Standard Practices for IDX & VOW

June 11, 2015 Matt Cohen

Note: This is a guest post from Clareity Consulting, a group who provides management and information technology consulting for the real estate and related industries.

Every week, I help clients establish compliance standards or am performing compliance reviews on VOWs and IDX websites and the most important thing is to make sure that the MLS is treating all of its participants even-handedly. But many brokers and their agents work across MLS borders. When they face compliance reviews, they’re sometimes frustrated at the amount of variation in interpretation of the rules. How can this be addressed? There are really two approaches: (1) have fewer MLSs; (2) have less variation in MLS rules and their interpretation. While the former is happening – very slowly – the latter seems more possible in the short term.

Following are just a few example of the many, many areas that need more clarification:

  • “Any IDX display controlled by a participant must clearly identify the name of the brokerage firm under which they operate in a readily visible color and typeface.” What does “readily visible” mean, specifically? Let’s establish a standard for what degree of contrast is allowed and how it’s measured, and otherwise provide more detail around this requirement.
  • “All listings displayed pursuant to IDX shall identify the listing firm in a reasonably prominent location and in a readily visible color and typeface not smaller than the median used in the display of listing data.” What exactly is the auditable criteria for “reasonably prominent” for all MLSs? The “median” requirement is a hot mess – if a few key headers and data are displayed in a 20-point font, but most of the data is displayed in a 12-point font, does the listing firm really need to be displayed at or above the median, in this case, 16 points? That’s what the rule says – rarely enforced, of course.
  • “Participants are required to employ appropriate security protection such as firewalls on their websites and displays, provided that any security measures required may not be greater than those employed by the MLS. “ This rule drives me crazy. First, “the MLS” as referenced in the rule has many contexts, some of which have greater security requirements than others. The security around the core MLS system itself may be very different from that used for the MLS’s consumer-facing website, a site with listings, or other products fielded by the MLS. To what does this rule refer? And what are appropriate security protections for IDX compared with VOWs?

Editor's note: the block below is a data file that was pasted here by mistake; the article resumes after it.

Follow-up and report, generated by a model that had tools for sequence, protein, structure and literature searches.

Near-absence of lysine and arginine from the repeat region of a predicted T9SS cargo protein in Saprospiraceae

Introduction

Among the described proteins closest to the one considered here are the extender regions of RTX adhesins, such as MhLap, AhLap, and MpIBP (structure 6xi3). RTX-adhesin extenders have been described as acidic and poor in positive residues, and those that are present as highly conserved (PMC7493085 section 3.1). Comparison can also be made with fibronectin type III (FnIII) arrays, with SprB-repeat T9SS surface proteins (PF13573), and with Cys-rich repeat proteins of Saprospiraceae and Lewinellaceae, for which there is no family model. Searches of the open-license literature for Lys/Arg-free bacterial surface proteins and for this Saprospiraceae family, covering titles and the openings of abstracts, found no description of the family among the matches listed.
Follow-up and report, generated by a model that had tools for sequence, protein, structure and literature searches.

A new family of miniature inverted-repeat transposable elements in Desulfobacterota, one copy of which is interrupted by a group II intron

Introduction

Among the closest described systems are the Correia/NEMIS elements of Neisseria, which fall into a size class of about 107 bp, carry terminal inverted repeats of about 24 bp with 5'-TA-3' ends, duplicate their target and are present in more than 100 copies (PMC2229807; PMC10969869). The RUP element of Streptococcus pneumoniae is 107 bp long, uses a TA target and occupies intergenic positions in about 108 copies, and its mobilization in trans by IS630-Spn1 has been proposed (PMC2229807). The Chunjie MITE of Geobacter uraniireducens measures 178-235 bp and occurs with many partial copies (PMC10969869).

• “Participants must maintain an audit trail of consumer activity on their website”. What needs to be in the audit trail?

I could go on for many pages, both for IDX and VOW rules. Is it any wonder that there’s variation in compliance review practices?

For VOW compliance specifically, the most variation comes in interpreting the requirement that, “a participant’s VOW must employ reasonable efforts to monitor for and prevent misappropriation, scraping, and other unauthorized uses of MLS listing information.” That’s really broad, and covers more than “web scraping,” but let’s focus briefly on that aspect of the rule.

What’s expected, exactly, when it comes to monitoring? Is it enough to log access, but not review the logs for unauthorized uses? What criteria are there for log review? What is specifically looked for? How often must logs be reviewed? Must there be alerts and, if so, for what? How must they be responded to, in what kind of timely manner? Are brokers really expected to monitor for unauthorized uses across the whole Internet? Must their site seed data with beacons to enable such monitoring? If effective methods and tools aren’t required, what does this requirement, set by the DOJ and NAR, really mean?

When it comes to actually preventing misappropriation via scraping, what standard is good enough? Some of my clients are still on an ancient standard of “rate limiting” and “CAPTCHAs” even though both mechanisms are completely outmoded by most of today’s scrapers. Today’s scrapers use sophisticated scripts (e.g., CURL), full-browser automation (e.g., Selenium or Chrome Driver), use slow crawlers (less than 5 requests per minute), spoofed search-bot and mobile app user agents, IP addresses that can’t easily be blocked without affecting real users (dynamic consumer ISP addresses), as well as data center and cloud resources. Frankly, it’s impractical for MLS staff – or even for me – to test all of these conditions, which is why I suggest anyone providing IDX or VOW sites use commercial services that can deal with them. If a client can show me, as a compliance reviewer, that a service that addresses all of these issues is engaged and configured correctly, I can be assured that a high level of security is being met.

Our industry needs to make an effort to deal with avoidable variations in both MLS rules and their interpretation. It’s an attainable goal, but it takes work. Where should this work occur? At NAR? With CMLS? 

 

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About the Author

Matt Cohen

Matt Cohen, Clareity’s Chief Technologist, joined Clareity in 1996 and has over seventeen years of extensive real estate technology and business experience. Matt has consulted for many of the top Associations, regional MLSs, MLS software vendors, and large brokerages, as well as a wide variety of information and technology companies that service the real estate industry.

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